I skipped the last 2-month recap (because I wanted to), so now it’s a 3-month recap, and there’s plenty of recapitulating to do, so in the ever so eloquent words of chief engineer John Raymond Arnold: “Hold on to your butts!”
While designing my AI Behaviour system (and after watching this video 3 times: Game Architecture with Scriptable Objects), I gained a MUCH better understanding of how to build game architecture with Unity’s Scriptable Objects. As a result, I needed to go back over everything I’ve done and rebuild it using my new understanding of game architecture. No small task, but one I assumed would come…
See, I tend to do everything 3 times. I call it the 3 little pigs method–Okay, I’ve never actually called it that before right now, but the idea’s there: the 1st build is weak and flimsy, the 2nd is a little more reasonable but is lacking in architecture, and then… BOOM! 3rd time’s a charm! So, without further ado, here are some of the ways I’ve begun to build the brick house that will become Stonewood Games’ game tools:
(I have made my Taiga project public, so feel free to have a look: Elle/Backlog)
Since I knew I was beginning a much more ‘final’ version, I also decided to set myself up with every good programming habit I could think of (As a solo dev, it’s really easy to overlook/ignore these types of things until you’ve got yourself into all kinds of bad habits):
- I’ve started using real source control (Git). (I know, I know. It really is blasphemy that I wasn’t before. I have repented and made my peace.)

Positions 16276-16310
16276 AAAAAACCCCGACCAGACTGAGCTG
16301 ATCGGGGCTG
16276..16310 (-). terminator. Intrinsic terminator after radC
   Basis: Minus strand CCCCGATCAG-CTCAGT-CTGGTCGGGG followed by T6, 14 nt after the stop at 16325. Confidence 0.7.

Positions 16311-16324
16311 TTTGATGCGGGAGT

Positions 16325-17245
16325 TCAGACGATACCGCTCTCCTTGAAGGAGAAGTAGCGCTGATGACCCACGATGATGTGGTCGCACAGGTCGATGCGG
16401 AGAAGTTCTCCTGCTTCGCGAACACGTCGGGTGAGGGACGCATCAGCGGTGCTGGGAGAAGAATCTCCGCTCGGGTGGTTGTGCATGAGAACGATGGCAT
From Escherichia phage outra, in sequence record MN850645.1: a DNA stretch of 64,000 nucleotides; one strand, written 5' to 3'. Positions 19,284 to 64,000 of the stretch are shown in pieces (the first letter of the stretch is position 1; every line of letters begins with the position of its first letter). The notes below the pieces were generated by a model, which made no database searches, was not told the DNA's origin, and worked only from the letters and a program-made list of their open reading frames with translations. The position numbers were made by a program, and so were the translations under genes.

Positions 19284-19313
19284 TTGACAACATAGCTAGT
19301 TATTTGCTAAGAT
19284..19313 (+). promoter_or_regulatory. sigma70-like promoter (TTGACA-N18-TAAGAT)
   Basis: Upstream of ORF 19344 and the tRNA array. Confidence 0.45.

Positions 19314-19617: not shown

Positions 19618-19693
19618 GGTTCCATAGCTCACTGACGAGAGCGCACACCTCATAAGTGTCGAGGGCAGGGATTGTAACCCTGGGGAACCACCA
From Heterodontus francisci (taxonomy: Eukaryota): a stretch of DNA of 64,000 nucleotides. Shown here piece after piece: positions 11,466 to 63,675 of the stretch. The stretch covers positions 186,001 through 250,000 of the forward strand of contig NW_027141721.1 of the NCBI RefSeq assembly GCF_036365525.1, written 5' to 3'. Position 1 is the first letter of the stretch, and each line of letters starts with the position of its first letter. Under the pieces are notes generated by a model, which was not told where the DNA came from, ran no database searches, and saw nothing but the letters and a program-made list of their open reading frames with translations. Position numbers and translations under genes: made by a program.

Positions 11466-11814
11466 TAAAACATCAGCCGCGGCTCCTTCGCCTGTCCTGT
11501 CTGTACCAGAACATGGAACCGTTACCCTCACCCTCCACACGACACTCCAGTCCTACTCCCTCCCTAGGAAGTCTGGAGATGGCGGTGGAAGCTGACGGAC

- I’ve started putting my name and date at the top of every script.
- I’ve started using custom namespaces to keep all of my systems organized.
- and last, but not least, I’ve started using code summaries and editor tooltips EVERYWHERE. (In fact, at the end of each sprint, I go back through all the code I’ve written and just fill that shit in.)
A lot of these things might seem small or inconsequential, but there are honestly so many tiny, subtle ways these things increase productivity, I couldn’t begin to explain to you why it works as well as it does.
As a small example, though: starting to code a new system is often the kind of thing your brain will try to avoid/procrastinate your way out of, but when the first step is just to sit down, create the folder, create the script file, type your name and the date -essentially do a bunch of stuff that requires no brainpower, it makes it really easy to get started, which, as you’re probably aware, is always the hardest part.
Okay great, I learned work habits. Now what did I accomplish in the last 3 months?
This post is already long enough, so I might go over these systems in more detail in the future, but here’s what I’ve been doing for the past 3 months:
3rd-person Camera Controller
Object Pooling System
Each system is modular, extendable, flexible, and most importantly: easy to use. They are designed with a Lego-like building-block architecture to make it easy for non-programmers to build games.
Follow Stonewood Games’ journey!